Matilde Calderini

Halil is the Hebrew word for flute and Leonard Bernstein composed this music as a tribute to the young Israeli flautist Yadin Tanenbaum, who was killed in the Arab-Israeli war in 1973. “The music can be said to portray a war, and at the same time the overwhelming desire to live. But also the opportunity to find comfort in art, love and hope for peace. It is a kind of night music that starts with a twelve-tone series and ends with an ambiguous tonal chord,” said Bernstein himself about Halil.

When Arnold Schönberg, a leading figure of twelve tone music, wrote Verklärte Nacht – Transfigured Night – he was still in his early romantic or late romantic period. It was originally written for a string sextet and is still often performed like that. He himself made a version for a string orchestra in 1917, which he revised in 1943. He got inspiration from a poem with the same title by the poet and author Richard Dehmel. By this time, he had also met his future wife Mathilde von Zemlinsky, who had a considerable influence on him. The music vibrates with strong feelings, ecstasy, and fragile lines that sometimes intersect, all superbly balanced. It is sometimes painfully beautiful.

Maurice Ravel’s fiery, passionate Tzigane is hypervirtuoso music in the spirit of Paganini. It provides flashy musical fireworks with dramatic double grips, jumping bows, pizzicatos and dazzling high flageolets. He composed it for the Hungarian violinist Jelly d’Arányi and the accompaniment was intended for the luthéal, a kind of piano where the sound resembles the Hungarian cimbalom instrument, which suited the character of the piece.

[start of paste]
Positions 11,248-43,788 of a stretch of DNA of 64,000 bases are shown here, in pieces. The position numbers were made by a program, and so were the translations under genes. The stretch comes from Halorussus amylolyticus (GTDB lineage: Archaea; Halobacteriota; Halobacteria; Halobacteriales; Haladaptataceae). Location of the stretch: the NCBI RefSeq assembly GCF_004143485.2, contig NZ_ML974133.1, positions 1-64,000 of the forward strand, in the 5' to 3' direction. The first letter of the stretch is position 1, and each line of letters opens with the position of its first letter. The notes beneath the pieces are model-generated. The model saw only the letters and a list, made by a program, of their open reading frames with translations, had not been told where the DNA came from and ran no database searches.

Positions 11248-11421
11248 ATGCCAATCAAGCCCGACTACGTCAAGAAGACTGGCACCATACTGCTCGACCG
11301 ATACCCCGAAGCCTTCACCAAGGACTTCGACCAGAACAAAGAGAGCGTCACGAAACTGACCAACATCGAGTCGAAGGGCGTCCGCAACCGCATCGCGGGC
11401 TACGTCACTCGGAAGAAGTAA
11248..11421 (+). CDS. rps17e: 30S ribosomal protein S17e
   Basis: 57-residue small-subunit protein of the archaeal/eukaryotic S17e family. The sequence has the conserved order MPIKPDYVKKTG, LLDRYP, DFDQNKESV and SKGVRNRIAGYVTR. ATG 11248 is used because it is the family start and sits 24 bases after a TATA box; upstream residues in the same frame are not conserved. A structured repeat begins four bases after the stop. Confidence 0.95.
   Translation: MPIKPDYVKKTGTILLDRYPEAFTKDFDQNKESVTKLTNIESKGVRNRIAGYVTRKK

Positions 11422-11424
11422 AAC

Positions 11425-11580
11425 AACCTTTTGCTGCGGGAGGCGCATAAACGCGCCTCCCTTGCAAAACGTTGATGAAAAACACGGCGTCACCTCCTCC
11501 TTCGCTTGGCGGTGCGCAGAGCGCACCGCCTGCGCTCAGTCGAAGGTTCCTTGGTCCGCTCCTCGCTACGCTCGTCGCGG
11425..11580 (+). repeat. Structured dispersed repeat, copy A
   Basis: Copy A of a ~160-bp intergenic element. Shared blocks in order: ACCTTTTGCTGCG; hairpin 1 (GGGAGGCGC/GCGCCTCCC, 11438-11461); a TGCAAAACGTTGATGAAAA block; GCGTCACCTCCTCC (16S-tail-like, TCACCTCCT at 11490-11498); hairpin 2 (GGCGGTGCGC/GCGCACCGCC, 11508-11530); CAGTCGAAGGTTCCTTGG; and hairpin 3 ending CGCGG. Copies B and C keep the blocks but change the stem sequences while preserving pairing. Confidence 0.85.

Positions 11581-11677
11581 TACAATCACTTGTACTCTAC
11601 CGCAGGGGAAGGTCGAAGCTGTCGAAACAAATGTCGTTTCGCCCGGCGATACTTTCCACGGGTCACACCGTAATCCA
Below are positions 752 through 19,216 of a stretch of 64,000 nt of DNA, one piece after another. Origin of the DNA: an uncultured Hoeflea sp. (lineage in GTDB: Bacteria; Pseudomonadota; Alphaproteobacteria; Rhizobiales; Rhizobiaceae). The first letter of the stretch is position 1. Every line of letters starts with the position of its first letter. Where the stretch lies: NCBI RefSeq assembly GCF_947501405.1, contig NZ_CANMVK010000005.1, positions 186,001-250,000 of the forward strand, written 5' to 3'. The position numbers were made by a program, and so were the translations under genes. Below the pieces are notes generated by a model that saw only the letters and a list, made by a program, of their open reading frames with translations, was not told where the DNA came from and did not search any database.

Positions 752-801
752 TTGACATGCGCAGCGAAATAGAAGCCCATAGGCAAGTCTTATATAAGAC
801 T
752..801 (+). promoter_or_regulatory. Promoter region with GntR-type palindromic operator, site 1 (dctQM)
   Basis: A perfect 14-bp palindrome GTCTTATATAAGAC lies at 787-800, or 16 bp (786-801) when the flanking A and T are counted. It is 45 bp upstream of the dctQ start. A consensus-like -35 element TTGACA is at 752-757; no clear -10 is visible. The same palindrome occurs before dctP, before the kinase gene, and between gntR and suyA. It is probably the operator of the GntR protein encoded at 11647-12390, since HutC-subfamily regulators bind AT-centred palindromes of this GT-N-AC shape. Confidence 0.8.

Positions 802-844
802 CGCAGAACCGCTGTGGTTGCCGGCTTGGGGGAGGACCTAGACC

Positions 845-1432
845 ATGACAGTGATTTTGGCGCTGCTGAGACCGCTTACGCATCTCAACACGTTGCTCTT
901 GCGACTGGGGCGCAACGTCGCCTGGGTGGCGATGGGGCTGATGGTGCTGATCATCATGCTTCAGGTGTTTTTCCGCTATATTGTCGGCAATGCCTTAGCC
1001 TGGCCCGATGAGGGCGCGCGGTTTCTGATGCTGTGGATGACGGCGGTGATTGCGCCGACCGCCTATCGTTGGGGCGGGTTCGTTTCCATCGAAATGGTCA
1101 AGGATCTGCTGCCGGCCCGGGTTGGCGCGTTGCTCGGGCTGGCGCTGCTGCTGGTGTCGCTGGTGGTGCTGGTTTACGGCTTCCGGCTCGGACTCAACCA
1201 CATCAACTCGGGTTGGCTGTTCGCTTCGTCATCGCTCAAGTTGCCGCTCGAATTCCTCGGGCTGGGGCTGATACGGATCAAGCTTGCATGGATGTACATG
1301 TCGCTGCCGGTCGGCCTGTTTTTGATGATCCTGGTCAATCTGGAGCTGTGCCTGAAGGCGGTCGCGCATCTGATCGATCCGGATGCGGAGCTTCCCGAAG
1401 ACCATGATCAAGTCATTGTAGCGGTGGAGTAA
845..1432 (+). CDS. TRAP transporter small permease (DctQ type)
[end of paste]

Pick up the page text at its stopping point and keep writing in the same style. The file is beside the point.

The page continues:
A theme for the music at this concert is night, and nocturne is the musical term for music relating to the night. Mark-Anthony Turnage’s Nocturne, performed here for the first time, has been arranged by Malmö Chamber Music for Håkan Hardenberger and Musica Vitae.

Claude Debussy had a rare ability to bring out new sounds from the piano, which resulted in contemporaries sometimes being almost frightened but also marvelling at his talent. This relatively early nocturne opens with simple mysterious motifs in a low registry that launch strong, upward arpeggios. It is music that is still in the 19th century romantic piano tradition, but at the same time heads in the direction of the subsequent impressionism.

/Göran Persson

 

 

Photo: Mathilde Calderini ©Jean-Baptiste Millot

FRI 21 SEP 9 p.m. St Andreas church

Free entry – first come, first served!

In collaboration with The Church of Sweden in Malmö

Programme

Claude Debussy Nocturne L 89
Simon Crawford-Phillips, piano

Maurice Ravel La Tzigane
Malin Broman, violin and leader; Xavier de Maistre, harp; Musica Vitae

Leonard Bernstein Halil
Conductor: Simon Crawford-Phillips
Mathilde Calderini, flute; Xavier de Maistre, harp; Malin Broman, violin; Lennart Gruvstedt; percussion; Johan Bridger, percussion; Patrick Raab, percussion; Anders Hassgård, percussion; Thomas Widlund, percussion; Johan Söderholm, percussion; Johanna Zetterqvist, flute; Marta Torkilsdottir Melander, flute; Musica Vitae

Mark-Anthony Turnage Nocturne First performance!
Håkan Hardenberger, trumpet; Malin Broman, violin and leader; Musica Vitae

Arnold Schönberg Verklärte Nacht
Malin Broman, violin; Malin Broman, violin and leader; Musica Vitae